For the last few weeks, the stream team has gone mussel crazy. We have been, for the most part, contributing to Hannah’s project of obtaining DNA samples from freshwater pearl mussels (Margaritifera margaritifera) all over the drainage of the east branch of the Swift River. This local stream (about an hour north of Worcester) holds a large, healthy population of this globally imperiled invertebrate. The project may turn out to be especially interesting from a conservation standpoint because of the fact that several human-made dams fragment the stream, likely stunting gene flow through the population.
The first step to gathering DNA samples is finding Mussels. The relative ease of this process ranges from the lucky find of twenty under one rock to an excruciating hour of no mussels. Although on some of these hot days we would love to dunk our heads right in the stream to find mussels (which Hannah actually does regularly with a mask and snorkel) we generally use viewing buckets to see clearly into the water. These excellent tools are crafted out of paint buckets with the bottoms replaced with Plexiglas. For hours every day, we crawl through the stream, bent all the way over, with our heads firmly stuck in buckets. To the average hiker peeking through the trees at the stream that must be a very strange sight!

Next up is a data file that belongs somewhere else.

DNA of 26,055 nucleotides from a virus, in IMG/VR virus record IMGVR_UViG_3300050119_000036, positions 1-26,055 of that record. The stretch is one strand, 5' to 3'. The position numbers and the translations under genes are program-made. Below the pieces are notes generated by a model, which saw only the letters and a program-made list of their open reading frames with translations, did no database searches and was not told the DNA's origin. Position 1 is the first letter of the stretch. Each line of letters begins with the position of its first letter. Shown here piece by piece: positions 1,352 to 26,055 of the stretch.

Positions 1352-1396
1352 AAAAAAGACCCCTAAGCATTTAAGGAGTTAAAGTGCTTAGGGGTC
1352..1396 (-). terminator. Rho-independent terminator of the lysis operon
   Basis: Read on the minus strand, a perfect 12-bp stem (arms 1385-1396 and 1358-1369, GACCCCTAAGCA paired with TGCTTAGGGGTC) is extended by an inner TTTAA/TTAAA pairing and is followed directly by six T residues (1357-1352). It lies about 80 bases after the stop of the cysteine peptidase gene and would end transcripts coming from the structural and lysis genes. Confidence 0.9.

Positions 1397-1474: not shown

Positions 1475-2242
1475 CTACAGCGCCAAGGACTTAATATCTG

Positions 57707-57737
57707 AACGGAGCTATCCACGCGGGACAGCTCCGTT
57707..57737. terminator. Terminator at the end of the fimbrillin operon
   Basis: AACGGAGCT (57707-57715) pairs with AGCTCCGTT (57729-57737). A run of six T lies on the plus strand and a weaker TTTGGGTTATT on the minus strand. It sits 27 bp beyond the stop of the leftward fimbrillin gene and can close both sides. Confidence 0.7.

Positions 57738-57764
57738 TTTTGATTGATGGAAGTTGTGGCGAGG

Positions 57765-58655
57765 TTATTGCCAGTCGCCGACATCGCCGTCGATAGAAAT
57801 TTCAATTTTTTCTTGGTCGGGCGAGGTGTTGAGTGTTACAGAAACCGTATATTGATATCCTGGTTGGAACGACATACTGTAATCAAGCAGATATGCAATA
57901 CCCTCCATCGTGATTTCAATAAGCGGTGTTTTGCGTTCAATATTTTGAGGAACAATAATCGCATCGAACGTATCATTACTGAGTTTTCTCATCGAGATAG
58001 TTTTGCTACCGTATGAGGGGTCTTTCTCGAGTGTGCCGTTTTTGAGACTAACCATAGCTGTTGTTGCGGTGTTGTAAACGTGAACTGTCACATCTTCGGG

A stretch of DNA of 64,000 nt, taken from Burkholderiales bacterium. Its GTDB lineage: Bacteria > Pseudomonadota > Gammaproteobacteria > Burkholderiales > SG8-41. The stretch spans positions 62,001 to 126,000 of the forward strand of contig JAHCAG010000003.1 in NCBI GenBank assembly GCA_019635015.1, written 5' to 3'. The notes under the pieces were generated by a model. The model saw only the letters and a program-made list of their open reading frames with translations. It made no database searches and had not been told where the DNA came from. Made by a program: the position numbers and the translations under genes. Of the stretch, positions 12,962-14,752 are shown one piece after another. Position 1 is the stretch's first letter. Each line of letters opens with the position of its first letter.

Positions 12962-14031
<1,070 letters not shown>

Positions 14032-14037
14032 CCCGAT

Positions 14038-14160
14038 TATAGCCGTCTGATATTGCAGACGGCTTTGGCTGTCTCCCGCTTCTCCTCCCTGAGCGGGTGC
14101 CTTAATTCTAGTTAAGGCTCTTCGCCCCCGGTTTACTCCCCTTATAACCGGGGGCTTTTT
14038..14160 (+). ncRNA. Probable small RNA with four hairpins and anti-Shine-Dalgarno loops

Once we have found 20-25 mussels, we select 10 to be sampled. To do so, we open the mussels’ shells slightly with the tip of a pipette and extract a piece of tissue from the mantle about the size of a pencil tip. These “clips” are stored in Ethanol in small vials for future analysis. The mussels are then photographed against a ruler and released.
It’s hard to stay focused for too long when we are working in such a beautiful place. Late July is the beginning of New England’s blueberry season, so the forest’s sunny patches are covered with little blue temptations. Hannah won’t let me eat any berries until she has cell phone reception and the number for poison control on her phone… Maybe she’s the smarter of us. Sometimes when Hannah is taking notes at a site, and Gaby and I are left to sit, the combination the soft sun filtering through the hemlocks and the soft woodsy breeze is a stronger sleeping serum than anything else I can imagine. The forest is obviously the best place to be!